• But they were first off the blocks

          MS might not have been dominant, but they were first of the blocks in some areas in which they still have not made much progress. Tablet computers with an MS OS were on the market for a decade before the iPad and MS had "smartphones" years before the iPhone. Neither were a particularly resounding success for MS, especially the tablets. It is not 2.5 years and 8 months as you state. Rather, what is it now, 13 years later and MS is still trying to get a grip in those two areas?

          It is a mater of opinion, but I do not think that Ballmer is the right person to be in charge of MS when it comes to mobile devices. That is my point.
          • Actually

            The tablet computer was the baby of Bill Gates, the one for which a cry seems to exist to return. It was Ballmer who made sure they entered the tablet market with an os that IS optimized for touch, and which lead to an increase in market share from 0.5% to 5% in indeed 8 months.

            It was Ballmer who decided to end the mess that was Windows Mobile by the way.
          • 13 years ago, tablet technology was expensive ...

            ... and power hungry. It wasn't until the appearance of netbooks that truly mobile devices became affordable.
            M Wagner
      • Time and the Missing Aspect

        One item you are missing in your recap (not bad btw): Time.
        With the market and Consumer expectations, speed to market and quality have become expected by both Consumers and Investors. MS has not been able to pull this off at any time in their history. It is primarily why they are getting killed in mobile (they should have named their mobile something like xPhone or ...). MS is taking way too much time to putout not quite stellar products.

        If BG ever came back to MS, how would he drastically change direction of the monolith called MS to accomplish what it has never done? He would drive himself into a heart-attack.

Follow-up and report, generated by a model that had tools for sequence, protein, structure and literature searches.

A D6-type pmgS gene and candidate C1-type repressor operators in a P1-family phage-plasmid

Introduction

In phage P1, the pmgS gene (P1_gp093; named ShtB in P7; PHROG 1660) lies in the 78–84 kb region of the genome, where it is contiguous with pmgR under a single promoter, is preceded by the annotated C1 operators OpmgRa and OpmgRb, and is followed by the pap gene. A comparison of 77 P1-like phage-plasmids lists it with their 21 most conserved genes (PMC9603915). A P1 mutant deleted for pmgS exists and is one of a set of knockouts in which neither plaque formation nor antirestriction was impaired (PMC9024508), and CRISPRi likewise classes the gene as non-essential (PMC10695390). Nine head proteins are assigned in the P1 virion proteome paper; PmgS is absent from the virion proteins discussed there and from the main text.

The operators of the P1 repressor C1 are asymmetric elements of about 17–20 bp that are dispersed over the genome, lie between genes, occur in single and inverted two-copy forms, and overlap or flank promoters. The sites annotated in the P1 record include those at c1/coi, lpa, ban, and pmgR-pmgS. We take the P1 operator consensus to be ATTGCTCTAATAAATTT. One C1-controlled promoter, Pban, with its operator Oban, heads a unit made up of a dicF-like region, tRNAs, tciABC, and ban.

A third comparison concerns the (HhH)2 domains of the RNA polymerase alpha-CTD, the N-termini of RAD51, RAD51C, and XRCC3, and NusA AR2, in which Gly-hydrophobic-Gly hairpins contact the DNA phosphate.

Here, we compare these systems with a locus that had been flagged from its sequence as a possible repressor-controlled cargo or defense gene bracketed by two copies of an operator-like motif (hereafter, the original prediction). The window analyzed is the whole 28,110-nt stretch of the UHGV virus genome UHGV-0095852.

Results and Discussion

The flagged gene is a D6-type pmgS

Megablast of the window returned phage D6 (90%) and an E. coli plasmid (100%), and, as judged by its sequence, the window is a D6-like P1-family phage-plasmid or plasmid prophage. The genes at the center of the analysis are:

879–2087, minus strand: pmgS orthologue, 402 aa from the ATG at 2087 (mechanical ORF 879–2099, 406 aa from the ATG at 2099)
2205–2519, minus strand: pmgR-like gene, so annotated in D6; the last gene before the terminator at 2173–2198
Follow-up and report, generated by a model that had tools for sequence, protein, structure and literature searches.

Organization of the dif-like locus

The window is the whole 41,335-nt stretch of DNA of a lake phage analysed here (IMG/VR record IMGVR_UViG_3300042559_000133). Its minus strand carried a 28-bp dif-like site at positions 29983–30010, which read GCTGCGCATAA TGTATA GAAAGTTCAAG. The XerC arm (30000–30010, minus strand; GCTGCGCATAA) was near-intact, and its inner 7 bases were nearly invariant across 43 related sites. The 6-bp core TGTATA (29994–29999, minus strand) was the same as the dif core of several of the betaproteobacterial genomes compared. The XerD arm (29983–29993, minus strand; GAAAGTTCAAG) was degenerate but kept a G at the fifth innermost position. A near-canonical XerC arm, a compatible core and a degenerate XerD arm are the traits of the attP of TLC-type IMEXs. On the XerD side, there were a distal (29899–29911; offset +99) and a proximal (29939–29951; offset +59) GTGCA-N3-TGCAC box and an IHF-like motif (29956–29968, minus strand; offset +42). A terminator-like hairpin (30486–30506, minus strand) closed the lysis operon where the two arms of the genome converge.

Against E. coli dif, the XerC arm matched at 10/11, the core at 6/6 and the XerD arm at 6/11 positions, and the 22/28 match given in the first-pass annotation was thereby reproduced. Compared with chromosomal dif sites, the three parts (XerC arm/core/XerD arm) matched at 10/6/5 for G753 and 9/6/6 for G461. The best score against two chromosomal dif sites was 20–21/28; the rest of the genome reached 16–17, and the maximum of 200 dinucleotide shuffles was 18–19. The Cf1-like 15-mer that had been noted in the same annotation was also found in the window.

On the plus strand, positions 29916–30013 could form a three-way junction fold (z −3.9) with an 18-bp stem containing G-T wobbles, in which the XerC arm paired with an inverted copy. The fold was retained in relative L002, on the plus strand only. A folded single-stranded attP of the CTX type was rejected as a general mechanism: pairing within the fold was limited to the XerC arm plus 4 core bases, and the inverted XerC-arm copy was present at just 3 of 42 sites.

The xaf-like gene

• Re: Didn't notice that Microsoft's revenues are actually quite a bit higher

      By all means, encourage Microsoft to be complacent that its current course is the right one.

      That suits us fine. :)
      • But they ARE higher that is

        a fact. One that is pretty hard to ignore.
      • Ask Why They Are Higher

        It's not from hardware development.
        It's not from new product line launches.
        It's from licensing and leveraging a steadily decreasing current client well.
        It's from licensing a growing mobile development arena (Android).

        MS is resting and relying on their laurels.
        Not a good place to be long term.
        • It surely is from new product launches

          Azure, Office365 and others. They have created several billion dollar businesses in the last couple of years. Businesses that don't rely on the desktop either, their server division has surpassed Windows right left and center, a business that has seen tremendous growth.
      • Us?

        Who is us? You and your neighbor? Your dog, cat or pet parrot?
  • Bill is not coming back.

    Give it up. It is not going to happen.
  • A new low in anti-MS rhetoric

    Microsoft does not need saving. It's a diverse business and the market leader in each of its core markets. It has consistent innovated successful major new products over the past two decades, and continues to grow in new markets like consumer cloud platforms.

    Reality check:

    $MSFT is up 17% for the year.

    Unlike $AAPL, which is down 20% after crashing by wn 40% since September.

    The author of this article is an accomplished anti-Microsoft fanatic and a fad-chasing Apple/Google fanboy. But here he sinks to a new low, by seeking to devalue genuine charity and philanthropy simply because it originates from a founder of Microsoft. He does not say "giving money is easy" about other philanthropist.

    Bill Gates is arguably the greatest philanthropist the world has ever known. There is no legitimate reason to detract from giving to people who need it. Ever. The author demonstrates lack of moral fibre as well as ignorance of philanthropy.

    Giving is easy? What a cheap shot. Is this the sort of material ZDNET wants to promote?

    Giving is not easy. Keeping is easier. And crucially, giving effectively is one of the greatest challenges of our time. The author evidently knows little or nothing about this topic, but chooses to discuss it anyway -- exploiting it for cynical and worthless propaganda purposes.

    Stay classy.
    Tim Acheson